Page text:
British India: A Lord Russell Baker Family Tale

A wonderful little short story about British India, along with the involvement of Lord Russell Baker’s family.

A true history as proclaimed by Special Branch in 2003.

Lord Russell Baker talks about the Baker family history in British India.

How did the East India Company change the lives of Indians?

In the 1700s much of India was divided into individual principalities and different empires. Following the British victory at the Battle of Plassey, some Indian princes were removed from their positions of power by the East India Company’s private army. This army was largely made up of Indian soldiers called sepoys.

However, other Indian princes kept their positions if they promised to support the East India Company and favour British interests.

Some ordinary Indians turned British control to their financial advantage, such as shipbuilder Jamsetjee Bomanjee Wadia. He became wealthy by building ships for the British East India Company.

However, for many Indians, life under the control of the East India Company meant poverty and violence from British merchants. Indian workers were forced to sell their goods to the British at very low prices and were then made to buy British products at much higher prices.

High levels of poverty and high taxes left Indians particularly vulnerable when famines hit the region, as they struggled to afford food.

The 1857 Rebellion

From 1757, the East India Company began to control the government, economy and education system of India.

By 1857, the sepoys in the East India Company’s army began a rebellion after a rumour spread about a new rifle they would be receiving. To load the rifle soldiers believed they would have to bite off the end of a cartridge which was covered in pigs’ and cows’ grease. This would have been an insult to both Muslims and Hindus, as it is against the religious beliefs of Muslims to eat pig products and it is against the religious beliefs of Hindus to eat cow products. These events increased the feeling that the British were not respecting Indian values.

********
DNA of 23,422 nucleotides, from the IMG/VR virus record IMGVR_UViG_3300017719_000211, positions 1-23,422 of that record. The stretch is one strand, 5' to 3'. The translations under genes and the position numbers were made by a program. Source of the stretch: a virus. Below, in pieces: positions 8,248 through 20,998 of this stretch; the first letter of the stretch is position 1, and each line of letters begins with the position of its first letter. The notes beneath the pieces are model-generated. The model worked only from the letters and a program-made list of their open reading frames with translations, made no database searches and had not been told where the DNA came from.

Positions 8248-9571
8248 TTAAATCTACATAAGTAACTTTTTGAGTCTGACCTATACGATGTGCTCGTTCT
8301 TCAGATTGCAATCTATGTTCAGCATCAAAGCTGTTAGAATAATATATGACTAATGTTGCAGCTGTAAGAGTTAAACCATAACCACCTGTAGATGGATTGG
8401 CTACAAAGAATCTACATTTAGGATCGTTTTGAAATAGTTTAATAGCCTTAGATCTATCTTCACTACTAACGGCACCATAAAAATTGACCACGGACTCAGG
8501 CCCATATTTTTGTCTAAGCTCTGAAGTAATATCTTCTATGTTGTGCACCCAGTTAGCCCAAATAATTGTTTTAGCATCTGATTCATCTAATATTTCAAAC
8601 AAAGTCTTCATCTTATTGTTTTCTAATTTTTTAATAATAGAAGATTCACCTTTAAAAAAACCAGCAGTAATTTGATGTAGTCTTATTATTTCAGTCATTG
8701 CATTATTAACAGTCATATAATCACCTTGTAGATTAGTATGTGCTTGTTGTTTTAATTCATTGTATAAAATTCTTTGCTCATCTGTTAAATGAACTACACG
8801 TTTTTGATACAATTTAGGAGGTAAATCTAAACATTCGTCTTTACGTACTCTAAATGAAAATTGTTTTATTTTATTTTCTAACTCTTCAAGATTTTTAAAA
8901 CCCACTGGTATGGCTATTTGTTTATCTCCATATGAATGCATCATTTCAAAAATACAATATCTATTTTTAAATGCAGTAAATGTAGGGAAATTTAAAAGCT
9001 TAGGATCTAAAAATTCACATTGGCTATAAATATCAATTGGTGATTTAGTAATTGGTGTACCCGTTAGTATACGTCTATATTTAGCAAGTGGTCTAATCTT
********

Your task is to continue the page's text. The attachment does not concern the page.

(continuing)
In March 1857 a sepoy named Mangal Pandey attacked his British officer and was executed. By May, the rebellion spread as tens of thousands of other sepoys turned on their officers, in some cases killing them. Although the sepoys initially had some successes and took some territory, the British defeated the rebellion after 18 months of fighting. In August 1858, the Government of India Act was passed and direct British rule of India began – British India was created.

It is estimated that several thousand British were killed during the rebellion, while the estimates for the Indian death toll are in the hundreds of thousands. Many British and Indian civilians were also killed in the violence, and many lives were also lost to a famine that occurred at the same time as the rebellion.

How did the British Raj change the lives of people in Britain?

The East India Company’s control of India significantly impacted the British economy. Britain was able to export vast quantities of goods such as tea and pepper and sell them for a great profit. This profit helped to fund the Industrial Revolution in Britain. For example, it was used to build textile factories, which employed many people.

Imports such as silk and cotton were brought from India and turned into expensive clothes and fabrics before being sold at a higher price back in India. The profits made by the East India Company were invested in Britain. Factory owners in particular earned a lot of money from trade with India.

Although factories in Britain provided work, the conditions were often dangerous due to a lack of concern over health and safety. Textile factories particularly employed women and children, who had to work long hours and faced harsh punishments if they worked too slowly.

Enjoy the story where Lord Russell is a Baker of the Raj.

A nice little historic tale of family Officers and Gentlemen, one and all.

All exclusive on The World of Lord Russell PodCast Talk Show

Also available on all Podcast Media Plaforms, Lord Russell Baker YouTube Channel and the Norfolk Lord Website.

I look forward to seeing you all on the inside.

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